Nerve Growth Factor and Human Umbilical Cord Blood-Derived Cells Confer Neurovascular Protection in Ischemia

Philip Lazarovici, Hadar Arien-Zakay, Shimon Lecht, Hanan Galski, Esther Shohami, Arnon Nagler, Cezary Marcinkiewicz, Peter I. Lelkes

Research output: Contribution to conferenceAbstractpeer-review


Human umbilical cord blood (HUCB), a valuable source for cell therapy of hematologic diseases, was recently found to confer neuroprotection in animal models of brain injury. To explore the neuroprotective properties of HUCB in an ischemic environment, we studied a unique sub-population of collagen-adherent cells. In the presence of nerve growth factor (NGF) and interferon-gamma, these cells differentiate in vitro into a neuronal phenotype (termed HUCBNP). Using a closed-head injury brain trauma model, we recently demonstrated neuroprotective effects of HUCB upon their local injection into the brain. Our in-vitro studies indicated that upon co-culture with ischemia exposed PC12 cells, HUCBNP conferred about 30% neuroprotection, as assessed by decreased lactate dehydrogenase (LDH) release and inhibition of caspase-3 activity. HUCBNP decreased by 95% the level of free radicals in the insulted-PC12 cells, which was in correlation with the appearance of antioxidants and NGF in the medium. HUCBNP-induced neuroprotection also correlated with changes in NGF mRNA expression levels, a process which was blocked by K252a, an antagonist of the NGF-neurotrophin receptor TrkA. To further extend the possible contribution of NGF-mediated protective role, we investigated its neuroprotective mechanisms using PC12 cells and brain capillary endothelial cells exposed to ischemic insult. Pretreatment of the cultures with NGF conferred neuroprotection in a dose- and time-dependent fashion. Time course experiments indicated marked activation of mitogen activated protein kinasas (MAPKs) during the ischemic insult, while treatment of the cultures with NGF inhibited them to different degrees. It appears that both neuronal and endothelial compartments may be protected by NGF under ischemic conditions. Therefore, in future neuroprotection studies, we propose to address additional components of the neurovascular unit such as astrocytes and pericytes in mono-, co- and multi-culture setups. In conclusion, our findings indicate that HUCBNP-induced neuroprotection involves antioxidant(s) and NGF, which by paracrine and/or autocrine route, affects all components of the neurovascular unit.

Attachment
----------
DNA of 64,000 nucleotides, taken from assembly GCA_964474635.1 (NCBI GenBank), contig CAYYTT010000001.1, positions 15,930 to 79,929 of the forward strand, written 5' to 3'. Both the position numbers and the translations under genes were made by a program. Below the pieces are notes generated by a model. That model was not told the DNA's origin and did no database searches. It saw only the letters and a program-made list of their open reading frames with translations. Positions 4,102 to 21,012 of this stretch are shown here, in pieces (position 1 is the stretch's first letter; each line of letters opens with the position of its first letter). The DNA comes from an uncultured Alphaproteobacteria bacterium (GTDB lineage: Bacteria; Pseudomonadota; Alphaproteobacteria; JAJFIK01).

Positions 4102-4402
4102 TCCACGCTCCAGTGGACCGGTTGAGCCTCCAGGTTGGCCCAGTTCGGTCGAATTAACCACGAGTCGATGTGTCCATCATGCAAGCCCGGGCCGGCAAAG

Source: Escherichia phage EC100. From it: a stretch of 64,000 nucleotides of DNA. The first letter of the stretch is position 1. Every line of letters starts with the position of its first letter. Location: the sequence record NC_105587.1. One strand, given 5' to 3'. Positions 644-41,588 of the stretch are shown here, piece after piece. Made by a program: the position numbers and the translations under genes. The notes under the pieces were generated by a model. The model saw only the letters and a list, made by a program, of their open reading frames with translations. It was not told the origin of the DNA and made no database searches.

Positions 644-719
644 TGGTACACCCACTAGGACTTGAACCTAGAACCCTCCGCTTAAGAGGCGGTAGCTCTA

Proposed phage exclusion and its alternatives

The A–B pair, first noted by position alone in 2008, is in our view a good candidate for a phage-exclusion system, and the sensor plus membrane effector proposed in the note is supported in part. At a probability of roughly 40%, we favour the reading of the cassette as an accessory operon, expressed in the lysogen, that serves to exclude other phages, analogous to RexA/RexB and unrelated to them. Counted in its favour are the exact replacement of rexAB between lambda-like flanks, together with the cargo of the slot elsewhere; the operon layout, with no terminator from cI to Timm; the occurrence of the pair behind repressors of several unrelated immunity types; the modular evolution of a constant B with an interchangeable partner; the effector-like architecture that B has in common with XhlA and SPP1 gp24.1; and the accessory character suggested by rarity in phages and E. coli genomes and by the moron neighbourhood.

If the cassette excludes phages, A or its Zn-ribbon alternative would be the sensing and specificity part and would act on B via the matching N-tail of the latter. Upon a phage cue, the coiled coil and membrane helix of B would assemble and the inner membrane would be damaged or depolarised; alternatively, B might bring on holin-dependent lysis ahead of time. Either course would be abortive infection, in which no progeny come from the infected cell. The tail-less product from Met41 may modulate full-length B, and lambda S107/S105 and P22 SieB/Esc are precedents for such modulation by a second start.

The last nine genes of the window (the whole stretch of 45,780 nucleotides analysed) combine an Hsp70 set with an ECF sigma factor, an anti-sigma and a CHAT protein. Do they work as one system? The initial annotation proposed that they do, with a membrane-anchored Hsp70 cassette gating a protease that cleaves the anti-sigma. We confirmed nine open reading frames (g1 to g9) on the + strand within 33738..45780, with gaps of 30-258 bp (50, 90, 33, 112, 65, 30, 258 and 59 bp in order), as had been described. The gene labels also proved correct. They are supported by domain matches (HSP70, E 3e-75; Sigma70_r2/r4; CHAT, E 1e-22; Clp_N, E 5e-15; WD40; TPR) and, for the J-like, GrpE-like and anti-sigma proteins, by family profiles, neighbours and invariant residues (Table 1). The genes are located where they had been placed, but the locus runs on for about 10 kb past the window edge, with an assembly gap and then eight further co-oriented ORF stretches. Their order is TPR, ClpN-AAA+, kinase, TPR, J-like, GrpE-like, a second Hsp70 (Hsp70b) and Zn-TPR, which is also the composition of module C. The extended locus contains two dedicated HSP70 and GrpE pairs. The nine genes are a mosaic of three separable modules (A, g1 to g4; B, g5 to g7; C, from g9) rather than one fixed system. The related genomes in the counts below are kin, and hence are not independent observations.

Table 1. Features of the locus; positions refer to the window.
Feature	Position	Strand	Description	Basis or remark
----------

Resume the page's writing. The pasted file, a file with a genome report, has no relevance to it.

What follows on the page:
Original languageAmerican English
Number of pages10
StatePublished - 2011


  • NGF
  • MAPK


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